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Lately your dad’s been lining up the women that he knows like the daughter of one of his old customers that just got divorced and suggesting that you should give her a call, who knows son she might be interested in coming back to the farm, and all the while you just know it goes back to that damn sign, he wants it to say Hyde & Sons Simmentals for another generation.
The stranger has climbed down from the corral and he’s walking around inside the bullpen. You can see that bull that your dad’s got too damn friendly is gonna be a problem any minute now if you don’t get in there. That’s one bull that expects to be petted and scratched and will bunt the stranger if he don’t get what he wants and who needs that when they’re trying to look at bulls? Plus the whole issue of liability that you just don’t know whether you might end up in court.
The thing that usually crosses your mind when you see your dad headed down to the barnyard is how his pet bull is a hazard and one day you might find your dad face down with half a dozen hoofprints on his back and if that were to happen you’d be both relieved and ashamed, not to mention held to blame. So if you don’t get in there you know your dad probably will so you hop the fence while your dad is just getting himself halfway across the yard.
All of it makes you think about how your day was gonna go until this guy shows up and how your dad thinks that it shouldn’t be a problem but he’s not the one who’s got to deal with all the paperwork and this rotting corral that needs to be tore down completely and started over and he thinks what’s the problem you’re not the man he was, damn it when your mother left he raised you two boys and built the farm up and got into Simmentals when they was the coming thing and all you have to do is build on what he has turned over to you. And you think he might be right but what he doesn’t get is how you — and this will sound ungrateful — how you don’t care somehow, how you never chose any of this and that’s tasting bitter in your mouth but what are you supposed to do as you come this far and the time to question your dad’s plan was right at the beginning of it not now.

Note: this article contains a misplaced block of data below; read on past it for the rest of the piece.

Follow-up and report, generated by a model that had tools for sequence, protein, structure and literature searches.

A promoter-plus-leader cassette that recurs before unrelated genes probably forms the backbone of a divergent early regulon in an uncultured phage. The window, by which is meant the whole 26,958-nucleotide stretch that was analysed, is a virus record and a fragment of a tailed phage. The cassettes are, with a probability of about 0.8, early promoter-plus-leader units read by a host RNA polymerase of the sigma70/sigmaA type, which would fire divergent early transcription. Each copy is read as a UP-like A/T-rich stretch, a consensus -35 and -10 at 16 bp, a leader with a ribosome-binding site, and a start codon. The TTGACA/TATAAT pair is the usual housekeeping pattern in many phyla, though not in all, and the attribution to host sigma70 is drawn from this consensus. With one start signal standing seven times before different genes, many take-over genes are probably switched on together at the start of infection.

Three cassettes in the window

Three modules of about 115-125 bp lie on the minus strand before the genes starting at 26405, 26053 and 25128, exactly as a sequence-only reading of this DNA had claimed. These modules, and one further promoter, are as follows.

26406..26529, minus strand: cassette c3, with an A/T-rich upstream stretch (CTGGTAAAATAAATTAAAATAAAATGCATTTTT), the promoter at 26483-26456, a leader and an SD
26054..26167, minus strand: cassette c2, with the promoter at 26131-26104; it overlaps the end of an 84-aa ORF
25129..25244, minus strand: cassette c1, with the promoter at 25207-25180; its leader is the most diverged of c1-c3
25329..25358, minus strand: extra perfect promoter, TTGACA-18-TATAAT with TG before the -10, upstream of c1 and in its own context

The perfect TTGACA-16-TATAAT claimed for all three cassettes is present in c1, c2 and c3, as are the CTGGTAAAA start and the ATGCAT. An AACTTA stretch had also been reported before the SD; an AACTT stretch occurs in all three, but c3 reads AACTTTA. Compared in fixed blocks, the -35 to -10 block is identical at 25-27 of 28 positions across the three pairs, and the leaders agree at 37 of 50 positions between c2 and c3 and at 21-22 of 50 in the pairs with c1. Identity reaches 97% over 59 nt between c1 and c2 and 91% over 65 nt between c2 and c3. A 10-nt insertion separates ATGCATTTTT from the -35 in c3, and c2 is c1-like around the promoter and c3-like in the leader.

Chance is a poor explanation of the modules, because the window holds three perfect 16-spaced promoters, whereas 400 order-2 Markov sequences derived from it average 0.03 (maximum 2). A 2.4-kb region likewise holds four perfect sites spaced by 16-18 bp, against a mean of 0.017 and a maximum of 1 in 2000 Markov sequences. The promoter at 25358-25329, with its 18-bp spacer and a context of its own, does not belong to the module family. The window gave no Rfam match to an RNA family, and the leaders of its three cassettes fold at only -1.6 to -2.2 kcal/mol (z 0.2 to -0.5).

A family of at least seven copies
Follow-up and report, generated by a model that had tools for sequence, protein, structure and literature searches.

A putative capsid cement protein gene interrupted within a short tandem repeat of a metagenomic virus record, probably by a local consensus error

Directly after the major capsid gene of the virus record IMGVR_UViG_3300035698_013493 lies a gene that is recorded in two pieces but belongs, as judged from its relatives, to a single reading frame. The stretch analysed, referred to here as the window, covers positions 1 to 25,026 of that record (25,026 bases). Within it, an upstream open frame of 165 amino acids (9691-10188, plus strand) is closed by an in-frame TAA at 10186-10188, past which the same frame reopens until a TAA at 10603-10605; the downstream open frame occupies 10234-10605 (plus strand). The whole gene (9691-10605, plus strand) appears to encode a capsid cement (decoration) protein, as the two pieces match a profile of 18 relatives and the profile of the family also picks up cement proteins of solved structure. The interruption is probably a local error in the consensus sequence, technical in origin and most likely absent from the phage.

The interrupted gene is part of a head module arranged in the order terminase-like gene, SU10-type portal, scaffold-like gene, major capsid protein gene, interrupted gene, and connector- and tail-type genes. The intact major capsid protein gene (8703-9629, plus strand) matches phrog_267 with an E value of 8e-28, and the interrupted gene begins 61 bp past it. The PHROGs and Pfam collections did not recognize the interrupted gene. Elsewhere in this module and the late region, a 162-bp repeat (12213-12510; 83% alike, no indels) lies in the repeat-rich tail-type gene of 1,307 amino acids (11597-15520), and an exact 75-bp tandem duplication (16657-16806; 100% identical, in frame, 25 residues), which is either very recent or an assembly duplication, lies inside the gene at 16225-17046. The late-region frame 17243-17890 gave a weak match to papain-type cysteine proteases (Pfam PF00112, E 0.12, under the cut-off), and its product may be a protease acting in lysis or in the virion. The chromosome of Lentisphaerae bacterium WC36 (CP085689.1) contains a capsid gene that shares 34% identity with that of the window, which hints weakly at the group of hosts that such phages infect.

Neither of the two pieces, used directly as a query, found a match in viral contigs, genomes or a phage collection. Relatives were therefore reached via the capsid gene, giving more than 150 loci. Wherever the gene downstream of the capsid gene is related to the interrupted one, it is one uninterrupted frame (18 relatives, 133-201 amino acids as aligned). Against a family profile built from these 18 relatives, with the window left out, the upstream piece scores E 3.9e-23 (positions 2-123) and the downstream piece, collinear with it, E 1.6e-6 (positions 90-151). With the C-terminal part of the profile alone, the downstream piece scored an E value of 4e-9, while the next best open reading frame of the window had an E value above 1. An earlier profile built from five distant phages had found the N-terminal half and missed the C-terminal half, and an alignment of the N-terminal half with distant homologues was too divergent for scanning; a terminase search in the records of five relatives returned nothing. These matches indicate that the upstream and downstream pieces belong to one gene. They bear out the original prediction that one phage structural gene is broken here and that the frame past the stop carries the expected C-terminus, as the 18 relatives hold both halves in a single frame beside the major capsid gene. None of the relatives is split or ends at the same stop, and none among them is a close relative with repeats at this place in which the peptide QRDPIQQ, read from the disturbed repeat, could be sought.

Now you see this stranger has noticed your dad and you pretty well have to make the introductions but then you realize you’ve forgotten the stranger’s name and you can just hear your father saying the first thing is that you remember the man’s name, everybody loves to hear their own name son, and you think yes just once you’d like to hear your dad call you Eddie instead of son ’cause that’s what he calls your brother Ben son as well, it’s like he can’t remember that you’re a grown man in your thirties and you have a name. And that you and Ben are no longer just his two boys. So suddenly and it happens too often when your dad is around you are all tongue-tied like you was ten all over again and like it ain’t you that did the entire show circuit by yourself last year, like you ain’t been the one in charge for over ten years.
But then your dad takes over asking the stranger what he’s looking for in a bull and pointing him to a bull that you know the stranger never gave a second glance to and then you know you’re absolutely sunk when your dad tells the man that he doesn’t want that big-birth-weight bull ’cuz that’s asking for trouble. The thing you have to remember and you just can’t get that through to your dad is that anyone looking at a bull has their own idea of how to select it and your job is to agree with him and maybe smooth over any little doubts that come up in his head. You jump in and tell him that bit about the long-carrying dam and how that’s the reason for the birth-weight and how your herd sire is very consistent in throwing calves that are at the 90-pound mark and that’s what you expect even from this bull that only incidentally weighed heavier.
But now the stranger is asking some more questions and he’s looking straight at your dad, like you’re too stupid to give him advice. That happens all the time, old dudes stick together.